About Me

I am a fortysomething wife, mother and owner of insane (and flatulent) dog.

I blog about autism, anxiety and life as a hormonally challenged idiot.

I was diagnosed autistic at the age of 46 after a lifetime of wondering why I don’t fit in and why my brain does it’s ‘funky thing’. Autism defines me.

My greatest achievement is birthing three boys: Eldest boy, Middle boy and The Boy, who is autistic. One’s an actor. One’s a photographer and one wants to be a professional Pokemon trainer when he grows up. Or is it a professional Minecraft blogger?

Last but not least is Miss Fartalot. Mongrel. Flatulent. Woof.

Why Inside The Rainbow?

Well, rainbows are often used to symbolise autism. One can see a rainbow (e.g parent of an autistic child) or one can can live inside the rainbow (autistic).

“Here’s to the crazy ones. The misfits. The rebels. The troublemakers. The round pegs in the square holes. The ones who see things differently. They’re not fond of rules. And they have no respect for the status quo. You can quote them, disagree with them, glorify or vilify them. About the only thing you can’t do is ignore them. Because they change things. They push the human race forward. And while some may see them as the crazy ones, we see genius. Because the people who are crazy enough to think they can change the world, are the ones who do.”
Rob Siltanen

Thanks for stopping by…

 

 

 

 

 

 

10 thoughts on “About Me

  1. Your blog will soon be added to our Actually Autistic Blogs List (anautismobserver.wordpress.com). Please personalize your blog’s description by selecting “About the list/How do you want your blog listed?” from the top menu on that site.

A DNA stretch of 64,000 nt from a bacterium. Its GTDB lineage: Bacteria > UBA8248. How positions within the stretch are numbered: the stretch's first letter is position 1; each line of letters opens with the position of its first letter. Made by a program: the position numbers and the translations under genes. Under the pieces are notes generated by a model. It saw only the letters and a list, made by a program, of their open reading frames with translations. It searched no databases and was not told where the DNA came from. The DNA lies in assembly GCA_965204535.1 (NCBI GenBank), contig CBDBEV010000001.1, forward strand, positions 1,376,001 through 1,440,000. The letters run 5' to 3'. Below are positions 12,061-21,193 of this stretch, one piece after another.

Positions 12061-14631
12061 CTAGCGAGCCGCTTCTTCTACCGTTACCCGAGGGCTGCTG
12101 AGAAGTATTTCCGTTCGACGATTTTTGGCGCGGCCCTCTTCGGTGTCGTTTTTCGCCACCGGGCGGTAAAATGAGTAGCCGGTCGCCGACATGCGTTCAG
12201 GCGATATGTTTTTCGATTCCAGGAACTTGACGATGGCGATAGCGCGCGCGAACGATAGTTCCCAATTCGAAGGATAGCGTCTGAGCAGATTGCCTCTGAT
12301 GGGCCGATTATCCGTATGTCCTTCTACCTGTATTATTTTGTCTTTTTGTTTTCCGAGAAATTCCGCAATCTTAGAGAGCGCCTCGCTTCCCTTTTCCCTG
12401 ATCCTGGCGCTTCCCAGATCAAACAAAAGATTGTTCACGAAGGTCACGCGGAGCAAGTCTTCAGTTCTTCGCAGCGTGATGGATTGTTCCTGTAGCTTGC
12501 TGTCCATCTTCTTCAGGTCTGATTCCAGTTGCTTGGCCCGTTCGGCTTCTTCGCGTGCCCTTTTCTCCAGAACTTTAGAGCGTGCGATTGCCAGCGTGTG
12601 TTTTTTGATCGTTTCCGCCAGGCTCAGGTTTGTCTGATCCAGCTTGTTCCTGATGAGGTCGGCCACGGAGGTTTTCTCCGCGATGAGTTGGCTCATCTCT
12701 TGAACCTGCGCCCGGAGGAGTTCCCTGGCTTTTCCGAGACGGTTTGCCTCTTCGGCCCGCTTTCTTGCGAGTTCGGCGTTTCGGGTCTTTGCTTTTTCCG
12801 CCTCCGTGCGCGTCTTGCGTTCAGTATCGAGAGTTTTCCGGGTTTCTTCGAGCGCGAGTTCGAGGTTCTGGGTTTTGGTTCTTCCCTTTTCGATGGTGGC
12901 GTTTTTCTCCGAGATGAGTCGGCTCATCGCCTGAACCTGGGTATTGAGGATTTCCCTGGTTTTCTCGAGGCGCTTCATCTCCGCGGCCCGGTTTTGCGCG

Thank you.
    Judy (An Autism Observer)

    Liked by 1 person

  2. Hi Tracy – your blog about Lorna Byrne really made me laugh! I want to believe her (and my philosophy is you might as well believe what helps you along, and belief in a guardian angel certainly helps me) but something about her disturbs me, and it’s this. Of the cast of thousands in her books – all the people who she has encountered and often apparently helped – I cannot find one who has verified her story from their own side. Not one. I keep googling, ‘Lorna Byrne Verification’ or ‘Lorna Byrne Testimonials’ and I get the same links back to journalistic interviews or her website. Or to articles like yours, which at least made me laugh. Wouldn’t you think there would be at least one account along the lines of ‘I met Lorna and she told me something she couldn’t possibly have known’? Or ‘I met Lorna and what she told me helped me with my seemingly insurmountable problem – it’s mentioned in her book’? Am I missing something?

    Liked by 1 person

    • Hi Babs, the one thing I am sure of when it comes to Lorna is that she believes what she is saying. It’s a nice story in a world that can get very dark at times. I can understand why people want to believe her. The problem with verification is that a lot of paranormal experiences are personal and happen when a person is alone. Lorna’s debut was a stand out book but she’s milked it ever since, which takes away some of it’s uniqueness for me. That said, apparently she gives a lot of money to charity and isn’t exactly swanning about wearing dark sunglasses and demanding stuff. So there’s hope lol. I did happen to find some verification albeit anecdotal and it’s come from her daughter who is also her PA. That said, I’m presuming the person in question would verify it as they are named?
      https://www.belfasttelegraph.co.uk/life/features/mum-can-be-difficult-to-get-organised-she-gets-so-distracted-by-angels-31222778.html
      I’m glad you like my post and thank you for commenting. 🙂

      Liked by 1 person

  3. friends are very difficult too make having aspergers .BUT those friends you met in the 90s NO FRIENDS .would have helped you if YOU HAD VOMITED
    you could take part in research .THIS WOULD HELP YOU
    my blog http;//mark-kent.webs.com

    Like

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